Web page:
How Much Can Solar Really Save You On Your Energy Bill?

Chances are someone you know has either committed to or at least investigated adding solar panels to their home. You might even find yourself curious about the process, especially if you've talked to a neighbor or a coworker who has already taken the plunge, and you're not alone. According to the Solar Energy Industries Association, the solar industry has experienced an average annual growth of 24%, which has led to a current solar capacity of 162 gigawatts, enough to power 30 million homes across the country.

While solar is by far a more environmentally friendly option over traditional energy solutions, perhaps the biggest selling point for many people is the potential to save money on their energy bills. In the face of rising utility costs and inflation, you might find yourself looking to solar as a way to help you save. While, yes, solar can save you money, it's important to realize that the process is slightly more complicated than calling your utility provider.

First and foremost, solar's steep up-front costs can be off-putting to those who might not expect it. Plus, potential solar-power converts could, and should, do a fair bit of research on everything from utility buybacks to solar-panel pricing to potential tax credits before deciding if solar power is right for them. Given the long-term nature of a solar-system investment, note that solar is more suited to those who plan to stay in their house for the next 20 to 30 years.

The financial outlay of going solar

Pursuing solar energy is both a time- and cost-intensive process. From pricing and sourcing the panels themselves to installation and labor costs, there's quite a bit of pre-planning involved before you can ever hope to see a change in your energy bill. The initial investment can also be more expensive than many might realize with average residential systems costing roughly $25,000, per SEIA. However, this price nonetheless represents a 40% drop in installation costs since 2010, so going solar has increasingly become more affordable. Plus, there are more credits and rebates available every year for those who make the switch.

Certain states and geographic areas offer hefty solar incentives, rebates, and even tax credits that could end up significantly lowering start-up and installation costs. Not to mention, the federal solar tax credit, which increased its rebate on new solar installations, starting in 2024, to 30% (up from 26%) through 2032. Even with these considerations in mind, however, remember that solar is still a long-term investment. Forbes estimates the average payback period for solar panels ranges from five to 10 years, so it's not exactly a short-term solution to energy bills. Also, you'll want to make sure to check your sun exposure and even your current electricity rates to determine if switching to solar energy would even be financially worth it.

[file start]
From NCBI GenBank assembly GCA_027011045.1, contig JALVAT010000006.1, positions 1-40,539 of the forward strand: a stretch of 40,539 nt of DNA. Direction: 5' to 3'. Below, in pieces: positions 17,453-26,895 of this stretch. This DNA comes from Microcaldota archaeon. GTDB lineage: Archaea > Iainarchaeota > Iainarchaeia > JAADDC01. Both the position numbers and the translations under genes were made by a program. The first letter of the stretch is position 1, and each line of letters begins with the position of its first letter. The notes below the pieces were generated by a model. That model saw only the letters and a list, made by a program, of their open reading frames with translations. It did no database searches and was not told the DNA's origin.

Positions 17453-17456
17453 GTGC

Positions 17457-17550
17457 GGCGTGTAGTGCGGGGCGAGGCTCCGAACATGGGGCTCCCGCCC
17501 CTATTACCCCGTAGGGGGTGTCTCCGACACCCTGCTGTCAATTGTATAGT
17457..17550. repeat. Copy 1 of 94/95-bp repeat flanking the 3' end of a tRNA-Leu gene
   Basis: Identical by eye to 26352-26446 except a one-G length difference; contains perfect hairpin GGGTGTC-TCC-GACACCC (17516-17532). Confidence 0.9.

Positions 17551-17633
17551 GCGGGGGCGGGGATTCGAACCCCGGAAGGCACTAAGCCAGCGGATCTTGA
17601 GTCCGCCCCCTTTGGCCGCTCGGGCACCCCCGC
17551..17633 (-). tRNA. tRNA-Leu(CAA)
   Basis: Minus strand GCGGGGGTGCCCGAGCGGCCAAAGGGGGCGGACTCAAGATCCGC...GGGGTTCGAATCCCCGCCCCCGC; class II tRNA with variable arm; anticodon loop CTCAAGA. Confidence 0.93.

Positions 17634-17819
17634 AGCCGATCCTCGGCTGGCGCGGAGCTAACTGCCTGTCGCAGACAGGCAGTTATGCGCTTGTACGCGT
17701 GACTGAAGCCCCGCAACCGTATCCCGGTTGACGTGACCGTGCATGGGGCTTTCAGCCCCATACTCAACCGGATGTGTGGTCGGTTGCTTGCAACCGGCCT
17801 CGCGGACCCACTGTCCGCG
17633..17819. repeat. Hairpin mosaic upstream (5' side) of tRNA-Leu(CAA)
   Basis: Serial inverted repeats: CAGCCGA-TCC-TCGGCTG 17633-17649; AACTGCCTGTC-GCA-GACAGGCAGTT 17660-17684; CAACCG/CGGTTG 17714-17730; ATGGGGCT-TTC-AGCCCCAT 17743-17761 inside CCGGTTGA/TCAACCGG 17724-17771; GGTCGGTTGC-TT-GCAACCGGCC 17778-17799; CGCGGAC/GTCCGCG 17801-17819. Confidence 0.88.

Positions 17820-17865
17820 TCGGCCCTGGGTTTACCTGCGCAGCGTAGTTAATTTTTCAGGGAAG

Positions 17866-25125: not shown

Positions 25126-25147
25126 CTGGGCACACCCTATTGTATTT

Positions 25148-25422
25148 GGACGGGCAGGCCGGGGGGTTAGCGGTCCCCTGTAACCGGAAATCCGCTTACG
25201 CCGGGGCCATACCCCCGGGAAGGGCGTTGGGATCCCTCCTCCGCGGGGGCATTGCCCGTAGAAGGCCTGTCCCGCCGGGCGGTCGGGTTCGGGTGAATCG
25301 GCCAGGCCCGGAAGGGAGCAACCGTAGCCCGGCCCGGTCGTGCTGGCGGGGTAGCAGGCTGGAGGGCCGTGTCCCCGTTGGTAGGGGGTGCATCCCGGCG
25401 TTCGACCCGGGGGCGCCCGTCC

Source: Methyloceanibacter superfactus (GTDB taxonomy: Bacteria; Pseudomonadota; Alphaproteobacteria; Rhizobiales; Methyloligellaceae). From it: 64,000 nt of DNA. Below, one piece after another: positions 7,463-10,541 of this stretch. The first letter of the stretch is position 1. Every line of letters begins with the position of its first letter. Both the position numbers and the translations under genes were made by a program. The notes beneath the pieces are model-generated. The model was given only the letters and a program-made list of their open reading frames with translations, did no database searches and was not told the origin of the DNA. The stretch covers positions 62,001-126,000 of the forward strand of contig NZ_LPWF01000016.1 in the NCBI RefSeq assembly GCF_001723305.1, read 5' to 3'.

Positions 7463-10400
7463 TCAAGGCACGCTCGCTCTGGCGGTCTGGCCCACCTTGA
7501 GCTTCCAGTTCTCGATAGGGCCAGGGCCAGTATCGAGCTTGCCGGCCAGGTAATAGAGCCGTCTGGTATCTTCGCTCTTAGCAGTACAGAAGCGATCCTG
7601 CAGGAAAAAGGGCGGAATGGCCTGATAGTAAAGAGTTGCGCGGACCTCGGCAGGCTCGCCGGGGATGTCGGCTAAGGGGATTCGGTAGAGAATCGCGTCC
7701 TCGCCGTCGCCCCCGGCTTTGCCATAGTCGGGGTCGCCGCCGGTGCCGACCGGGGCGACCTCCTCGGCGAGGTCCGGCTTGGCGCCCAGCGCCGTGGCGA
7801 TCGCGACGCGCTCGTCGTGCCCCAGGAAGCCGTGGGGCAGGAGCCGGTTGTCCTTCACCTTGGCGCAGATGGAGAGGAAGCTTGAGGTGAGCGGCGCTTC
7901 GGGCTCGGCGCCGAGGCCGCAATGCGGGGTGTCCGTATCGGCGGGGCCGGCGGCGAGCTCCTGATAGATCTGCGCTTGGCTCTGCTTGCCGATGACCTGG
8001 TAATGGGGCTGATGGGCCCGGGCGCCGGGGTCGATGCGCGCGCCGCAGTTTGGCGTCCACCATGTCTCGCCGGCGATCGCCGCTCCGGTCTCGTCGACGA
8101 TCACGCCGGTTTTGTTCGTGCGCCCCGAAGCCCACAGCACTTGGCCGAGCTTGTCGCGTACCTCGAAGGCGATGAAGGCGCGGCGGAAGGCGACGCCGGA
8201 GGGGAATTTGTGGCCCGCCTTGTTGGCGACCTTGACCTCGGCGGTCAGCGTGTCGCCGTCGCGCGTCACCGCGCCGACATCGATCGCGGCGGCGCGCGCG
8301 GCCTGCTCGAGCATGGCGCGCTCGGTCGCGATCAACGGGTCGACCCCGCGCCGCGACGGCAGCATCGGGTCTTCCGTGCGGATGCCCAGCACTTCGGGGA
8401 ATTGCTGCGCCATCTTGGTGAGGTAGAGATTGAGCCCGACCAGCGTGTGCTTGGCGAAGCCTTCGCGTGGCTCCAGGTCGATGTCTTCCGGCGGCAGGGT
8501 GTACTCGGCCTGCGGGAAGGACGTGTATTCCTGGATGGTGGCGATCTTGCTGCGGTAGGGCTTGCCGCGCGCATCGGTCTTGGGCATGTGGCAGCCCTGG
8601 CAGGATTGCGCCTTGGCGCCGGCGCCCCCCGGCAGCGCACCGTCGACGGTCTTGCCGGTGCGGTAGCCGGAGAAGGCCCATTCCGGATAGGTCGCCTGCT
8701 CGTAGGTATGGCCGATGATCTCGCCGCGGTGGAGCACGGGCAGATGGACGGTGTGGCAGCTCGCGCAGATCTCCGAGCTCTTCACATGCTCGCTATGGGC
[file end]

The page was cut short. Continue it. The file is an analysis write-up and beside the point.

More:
The savings potential of solar energy

In 2023, solar energy was estimated to save users an estimated $1,500 on energy bills every year. If electricity prices stay exactly the same as 2023 rates, a person today with a solar-panel system could expect to save anywhere from $25,000 to $33,000 in total electricity bills during the life span of their specific solar system. Of course, given that utility, and especially electricity, prices continue to rise across the country, a person with a solar-panel system can actually expect to save considerably more. Plus, most solar panels last between 25 to 30 years, so you definitely save money in the long run by switching to solar energy, even if the upfront costs feel daunting.

Another way solar can help you save money is through net metering programs, which exist in 45 states. Net metering allows residential solar users to sell the electricity they aren't using back into the power grid. By selling back your excess electricity, you can get a credit against the electricity you actually use. According to the Solar Energy Industries Association, an average of 20% to 40% of a solar system goes back into the grid, which can help to offset the energy load of your neighbors while also cutting down even more on your electricity bills. Keep in mind that most net metering policies were implemented as a way of encouraging solar system adoption, so these individual policy and program terms will more than likely change as solar becomes more popular and widespread.